Several weekends ago, I was rushing around trying to do some Valentine's Day shopping. I was stressed out and not thinking very fondly of the weather right then. It was dark, cold, and wet in the parking lot as I was loading my car up. I noticed that I was missing a receipt that I might need later. So mumbling under my breath, I retraced my steps to the mall entrance.
As I was searching the wet pavement for the lost receipt, I heard a quiet sobbing. The crying was coming from a poorly dressed boy of about 12 years old. He was short and thin. He had no coat. He was just wearing a ragged flannel shirt to protect him from the cold night's chill.
Oddly enough, he was holding a hundred dollar bill in his hand.
Thinking that he had gotten lost from his parents, I asked him what was wrong. He told me his sad story. He said that he came from a large family. He had three brothers and four sisters. His father had died when he was nine years old. His mother was poorly educated and worked two full time jobs.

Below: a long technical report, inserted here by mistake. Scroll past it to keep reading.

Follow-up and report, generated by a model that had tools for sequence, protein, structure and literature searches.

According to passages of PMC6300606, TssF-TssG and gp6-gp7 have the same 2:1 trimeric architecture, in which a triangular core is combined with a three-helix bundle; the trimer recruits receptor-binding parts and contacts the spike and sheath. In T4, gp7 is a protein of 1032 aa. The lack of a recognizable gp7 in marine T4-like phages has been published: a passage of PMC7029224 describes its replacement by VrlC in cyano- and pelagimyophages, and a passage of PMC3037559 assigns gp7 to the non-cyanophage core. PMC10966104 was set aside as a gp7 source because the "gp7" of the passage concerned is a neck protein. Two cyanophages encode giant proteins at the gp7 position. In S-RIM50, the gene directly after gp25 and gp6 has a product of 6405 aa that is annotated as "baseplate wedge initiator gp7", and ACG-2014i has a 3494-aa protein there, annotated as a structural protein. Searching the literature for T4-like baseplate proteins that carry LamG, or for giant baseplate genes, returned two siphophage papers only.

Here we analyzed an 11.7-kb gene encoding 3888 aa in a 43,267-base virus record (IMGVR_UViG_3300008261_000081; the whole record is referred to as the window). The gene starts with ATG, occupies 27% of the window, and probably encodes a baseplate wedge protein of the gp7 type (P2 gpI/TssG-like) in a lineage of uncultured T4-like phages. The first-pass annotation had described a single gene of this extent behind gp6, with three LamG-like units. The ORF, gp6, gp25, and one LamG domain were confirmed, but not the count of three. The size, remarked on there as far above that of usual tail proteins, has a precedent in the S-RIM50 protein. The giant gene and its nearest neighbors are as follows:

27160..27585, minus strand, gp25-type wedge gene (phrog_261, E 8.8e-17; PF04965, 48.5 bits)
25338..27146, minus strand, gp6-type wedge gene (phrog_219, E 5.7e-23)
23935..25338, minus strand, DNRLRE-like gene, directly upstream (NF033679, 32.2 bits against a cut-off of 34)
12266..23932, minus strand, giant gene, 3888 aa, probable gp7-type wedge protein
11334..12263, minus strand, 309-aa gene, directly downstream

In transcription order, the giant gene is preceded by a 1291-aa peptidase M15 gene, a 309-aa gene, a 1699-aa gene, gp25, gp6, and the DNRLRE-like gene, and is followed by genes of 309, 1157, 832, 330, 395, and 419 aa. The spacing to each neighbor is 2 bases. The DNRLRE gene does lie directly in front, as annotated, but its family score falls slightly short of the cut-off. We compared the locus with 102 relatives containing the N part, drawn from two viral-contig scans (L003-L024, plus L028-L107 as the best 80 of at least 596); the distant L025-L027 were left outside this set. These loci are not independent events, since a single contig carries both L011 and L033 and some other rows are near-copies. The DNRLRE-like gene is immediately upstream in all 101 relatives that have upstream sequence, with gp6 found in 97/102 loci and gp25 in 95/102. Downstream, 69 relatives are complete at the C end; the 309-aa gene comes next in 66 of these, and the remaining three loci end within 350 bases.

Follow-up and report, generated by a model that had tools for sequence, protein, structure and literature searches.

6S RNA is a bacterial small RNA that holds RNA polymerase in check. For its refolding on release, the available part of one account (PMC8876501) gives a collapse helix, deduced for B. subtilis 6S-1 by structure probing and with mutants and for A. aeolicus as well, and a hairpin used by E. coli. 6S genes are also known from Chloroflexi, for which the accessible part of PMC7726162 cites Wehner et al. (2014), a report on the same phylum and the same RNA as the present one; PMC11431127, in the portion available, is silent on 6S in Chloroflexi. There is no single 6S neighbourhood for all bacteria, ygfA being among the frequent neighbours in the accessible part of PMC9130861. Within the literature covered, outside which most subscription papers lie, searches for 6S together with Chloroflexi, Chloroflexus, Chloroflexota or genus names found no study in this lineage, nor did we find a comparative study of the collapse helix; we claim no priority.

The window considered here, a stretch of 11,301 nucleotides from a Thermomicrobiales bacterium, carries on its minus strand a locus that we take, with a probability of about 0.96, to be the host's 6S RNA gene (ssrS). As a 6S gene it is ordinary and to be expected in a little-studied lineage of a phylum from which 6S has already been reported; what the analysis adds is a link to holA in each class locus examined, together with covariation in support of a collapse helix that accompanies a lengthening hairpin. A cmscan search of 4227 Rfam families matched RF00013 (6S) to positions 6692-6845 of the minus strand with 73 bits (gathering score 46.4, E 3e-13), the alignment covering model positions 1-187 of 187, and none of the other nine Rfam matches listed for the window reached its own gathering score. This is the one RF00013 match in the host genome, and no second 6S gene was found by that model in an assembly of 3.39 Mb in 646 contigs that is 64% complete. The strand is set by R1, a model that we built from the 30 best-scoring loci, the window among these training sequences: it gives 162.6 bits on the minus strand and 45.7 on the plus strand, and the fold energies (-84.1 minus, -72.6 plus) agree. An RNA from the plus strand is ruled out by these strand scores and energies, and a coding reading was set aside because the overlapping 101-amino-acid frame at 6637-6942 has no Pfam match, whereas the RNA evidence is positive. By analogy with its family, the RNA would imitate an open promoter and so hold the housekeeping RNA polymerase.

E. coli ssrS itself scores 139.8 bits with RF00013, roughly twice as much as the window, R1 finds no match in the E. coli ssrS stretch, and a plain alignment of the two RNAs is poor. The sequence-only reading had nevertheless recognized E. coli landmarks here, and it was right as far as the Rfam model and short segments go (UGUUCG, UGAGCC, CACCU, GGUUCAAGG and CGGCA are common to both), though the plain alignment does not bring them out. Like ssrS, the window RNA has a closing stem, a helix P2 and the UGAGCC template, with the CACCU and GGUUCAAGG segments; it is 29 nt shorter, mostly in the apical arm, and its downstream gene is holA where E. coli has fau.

She made very little to support her large family. Nevertheless, she had managed to skimp and save two hundred dollars to buy her children some Valentine's Day presents (since she didn't manage to get them anything on Christmas).
The young boy had been dropped off, by his mother, on the way to her
second job. He was to use the money to buy presents for all his siblings and save just enough to take the bus home. He had not even entered the mall, when an older boy grabbed one of the hundred dollar bills and disappeared into the night.
"Why didn't you scream for help?" I asked.
The boy said, "I did."
"And nobody came to help you?" I queried.
The boy stared at the sidewalk and sadly shook his head. "How loud did
you scream?" I inquired.
The soft-spoken boy looked up and meekly whispered, "Help me!"
I realized that absolutely no one could have heard that poor boy cry for help.
So I grabbed his other hundred and ran to my car.
Former Enron CEO